Instead of heading home by going east, they took the massive Boeing 314 in the opposite direction, flying blind with no charts and no support from the airline. They were shot at twice, narrowly escaped getting blown up and otherwise avoided disaster while piloting the first commercial flight to circumnavigate the globe.

Jack Poindexter walked briskly into the Liberty, House department store on King Street in downtown Honolulu. It was Dec. 2, 1941, and palm trees swayed to the gentle rhythm of the trade winds that sunny Tuesday morning, the Washington Post writes.

The chief flight radio officer on Pan Am Flight NC18602 needed a spare shirt. He had left California unexpectedly the day before as a stand-in for an ill radio man onboard the Pacific Clipper, a large flying boat — essentially a seaplane on steroids.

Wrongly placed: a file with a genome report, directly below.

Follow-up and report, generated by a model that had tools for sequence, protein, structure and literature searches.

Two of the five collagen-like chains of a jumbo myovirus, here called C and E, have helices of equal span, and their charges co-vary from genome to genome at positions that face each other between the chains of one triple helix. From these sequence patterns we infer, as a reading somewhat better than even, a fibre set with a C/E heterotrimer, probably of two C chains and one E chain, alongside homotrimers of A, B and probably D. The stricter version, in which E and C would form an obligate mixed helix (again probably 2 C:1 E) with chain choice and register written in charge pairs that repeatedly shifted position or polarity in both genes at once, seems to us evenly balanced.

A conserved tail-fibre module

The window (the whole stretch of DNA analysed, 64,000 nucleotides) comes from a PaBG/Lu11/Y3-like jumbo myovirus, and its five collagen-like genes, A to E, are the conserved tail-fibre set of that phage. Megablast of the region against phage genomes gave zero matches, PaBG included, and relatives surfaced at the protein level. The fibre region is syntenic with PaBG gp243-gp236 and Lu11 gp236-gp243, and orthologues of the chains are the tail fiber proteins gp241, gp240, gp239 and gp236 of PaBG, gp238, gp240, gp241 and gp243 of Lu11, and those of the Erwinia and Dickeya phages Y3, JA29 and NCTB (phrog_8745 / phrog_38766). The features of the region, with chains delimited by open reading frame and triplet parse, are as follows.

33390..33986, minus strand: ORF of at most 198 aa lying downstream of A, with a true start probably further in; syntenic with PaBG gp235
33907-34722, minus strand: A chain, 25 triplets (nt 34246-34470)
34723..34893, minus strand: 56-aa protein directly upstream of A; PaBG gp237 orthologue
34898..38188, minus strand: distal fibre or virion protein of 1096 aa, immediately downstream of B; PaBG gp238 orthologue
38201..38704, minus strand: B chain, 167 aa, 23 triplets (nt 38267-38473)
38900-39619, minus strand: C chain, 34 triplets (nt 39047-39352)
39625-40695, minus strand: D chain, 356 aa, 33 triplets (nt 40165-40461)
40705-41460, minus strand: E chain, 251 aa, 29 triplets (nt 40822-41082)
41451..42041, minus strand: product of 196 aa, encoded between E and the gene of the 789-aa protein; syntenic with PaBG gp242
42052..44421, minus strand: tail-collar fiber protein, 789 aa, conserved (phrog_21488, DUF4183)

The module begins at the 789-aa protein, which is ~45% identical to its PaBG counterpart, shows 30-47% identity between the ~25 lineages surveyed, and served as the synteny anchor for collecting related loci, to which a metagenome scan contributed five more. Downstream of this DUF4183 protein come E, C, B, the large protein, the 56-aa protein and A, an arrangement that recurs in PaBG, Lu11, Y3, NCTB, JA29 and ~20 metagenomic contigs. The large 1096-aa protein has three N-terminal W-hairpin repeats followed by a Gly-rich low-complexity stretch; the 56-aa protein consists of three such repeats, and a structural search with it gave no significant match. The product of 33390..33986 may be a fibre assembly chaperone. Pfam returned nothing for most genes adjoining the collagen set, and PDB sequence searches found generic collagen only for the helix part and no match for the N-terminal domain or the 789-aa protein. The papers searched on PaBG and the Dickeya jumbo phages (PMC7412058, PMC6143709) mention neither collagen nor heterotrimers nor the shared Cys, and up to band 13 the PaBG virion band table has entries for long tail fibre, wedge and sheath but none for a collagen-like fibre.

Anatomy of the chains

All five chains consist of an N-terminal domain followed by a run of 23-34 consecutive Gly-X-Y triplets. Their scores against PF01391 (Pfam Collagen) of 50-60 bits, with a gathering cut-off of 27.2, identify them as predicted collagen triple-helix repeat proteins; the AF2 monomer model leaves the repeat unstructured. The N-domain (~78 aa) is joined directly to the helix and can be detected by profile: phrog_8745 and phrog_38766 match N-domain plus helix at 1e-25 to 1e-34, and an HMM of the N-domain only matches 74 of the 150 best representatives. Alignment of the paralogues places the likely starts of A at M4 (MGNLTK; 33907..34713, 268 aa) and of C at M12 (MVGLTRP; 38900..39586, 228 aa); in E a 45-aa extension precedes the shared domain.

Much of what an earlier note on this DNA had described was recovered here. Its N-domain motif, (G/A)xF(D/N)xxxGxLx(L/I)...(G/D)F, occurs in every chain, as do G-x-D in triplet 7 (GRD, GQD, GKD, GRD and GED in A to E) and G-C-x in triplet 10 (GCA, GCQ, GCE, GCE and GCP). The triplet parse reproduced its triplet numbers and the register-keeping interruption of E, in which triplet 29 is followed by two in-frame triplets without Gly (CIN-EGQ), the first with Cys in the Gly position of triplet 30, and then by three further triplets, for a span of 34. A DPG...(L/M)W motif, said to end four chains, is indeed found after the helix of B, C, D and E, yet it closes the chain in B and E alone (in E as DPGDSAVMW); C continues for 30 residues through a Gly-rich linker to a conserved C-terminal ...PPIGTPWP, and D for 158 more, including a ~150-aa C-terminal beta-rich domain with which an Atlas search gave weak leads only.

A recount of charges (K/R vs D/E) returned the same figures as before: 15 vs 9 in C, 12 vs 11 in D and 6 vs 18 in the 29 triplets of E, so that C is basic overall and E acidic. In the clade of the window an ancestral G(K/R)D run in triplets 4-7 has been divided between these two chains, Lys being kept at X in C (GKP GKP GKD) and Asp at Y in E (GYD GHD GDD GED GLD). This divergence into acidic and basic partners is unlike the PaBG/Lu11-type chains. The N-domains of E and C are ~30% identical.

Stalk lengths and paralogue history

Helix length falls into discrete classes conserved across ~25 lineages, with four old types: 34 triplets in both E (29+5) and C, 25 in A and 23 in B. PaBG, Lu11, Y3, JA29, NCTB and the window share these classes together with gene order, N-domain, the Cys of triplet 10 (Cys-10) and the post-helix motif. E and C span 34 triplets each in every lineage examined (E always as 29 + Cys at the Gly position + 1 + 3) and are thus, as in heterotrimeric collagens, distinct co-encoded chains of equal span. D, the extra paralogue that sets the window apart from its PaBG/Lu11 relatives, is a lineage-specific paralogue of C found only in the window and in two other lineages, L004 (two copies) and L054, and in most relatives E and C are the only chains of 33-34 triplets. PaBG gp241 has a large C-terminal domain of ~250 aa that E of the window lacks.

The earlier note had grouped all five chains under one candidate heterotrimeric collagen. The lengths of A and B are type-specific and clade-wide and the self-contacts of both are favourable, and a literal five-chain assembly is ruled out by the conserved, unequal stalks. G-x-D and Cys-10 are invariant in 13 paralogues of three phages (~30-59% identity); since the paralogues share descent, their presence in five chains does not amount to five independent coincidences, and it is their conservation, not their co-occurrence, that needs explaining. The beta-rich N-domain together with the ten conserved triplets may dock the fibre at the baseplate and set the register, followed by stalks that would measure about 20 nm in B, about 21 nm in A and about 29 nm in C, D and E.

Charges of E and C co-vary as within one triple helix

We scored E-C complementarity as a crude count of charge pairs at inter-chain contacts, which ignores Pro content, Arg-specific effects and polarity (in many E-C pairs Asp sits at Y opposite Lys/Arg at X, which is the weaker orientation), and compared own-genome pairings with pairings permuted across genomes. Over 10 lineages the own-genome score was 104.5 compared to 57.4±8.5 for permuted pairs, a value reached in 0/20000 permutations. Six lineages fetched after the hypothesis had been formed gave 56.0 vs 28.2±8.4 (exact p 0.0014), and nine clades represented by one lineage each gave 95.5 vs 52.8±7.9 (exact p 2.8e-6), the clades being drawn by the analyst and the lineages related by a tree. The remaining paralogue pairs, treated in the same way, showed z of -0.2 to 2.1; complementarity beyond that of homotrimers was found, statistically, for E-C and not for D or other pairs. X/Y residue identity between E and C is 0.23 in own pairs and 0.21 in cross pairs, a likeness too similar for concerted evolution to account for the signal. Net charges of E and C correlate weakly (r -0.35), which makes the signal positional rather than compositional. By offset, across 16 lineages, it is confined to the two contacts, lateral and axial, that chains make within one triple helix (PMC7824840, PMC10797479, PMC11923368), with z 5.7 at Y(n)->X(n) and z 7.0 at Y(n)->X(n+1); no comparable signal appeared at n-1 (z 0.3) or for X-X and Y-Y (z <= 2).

Poindexter had no clean clothes for the flight, which still had to make another stop in Auckland, New Zealand, and was not scheduled to return to San Francisco until Dec. 10. He had only a few dollars in his wallet, so this extra shirt was going to have to last him until then. Little did he know it would be the only change of clothing he would have for more than a month.

The return flight from New Zealand to San Francisco via Honolulu was interrupted by the Japanese bombing of Pearl Harbor on Dec. 7, 1941 — “A date which will live in infamy,” as President Franklin D. Roosevelt termed it. That event, 80 years ago Tuesday, propelled the United States into war and forced the Pacific Clipper’s crew of 12 to make a dangerous — and historic — detour from their scheduled flight plan.

Instead of heading home by going east, they took the massive Boeing 314 in the opposite direction, flying blind with no charts and no support from the airline. They were shot at twice, narrowly escaped getting blown up and otherwise avoided disaster while piloting the first commercial flight to circumnavigate the globe. They flew more than 30,000 miles over vast expanses of empty oceans and remote landscapes on five continents while crossing the equator four times.

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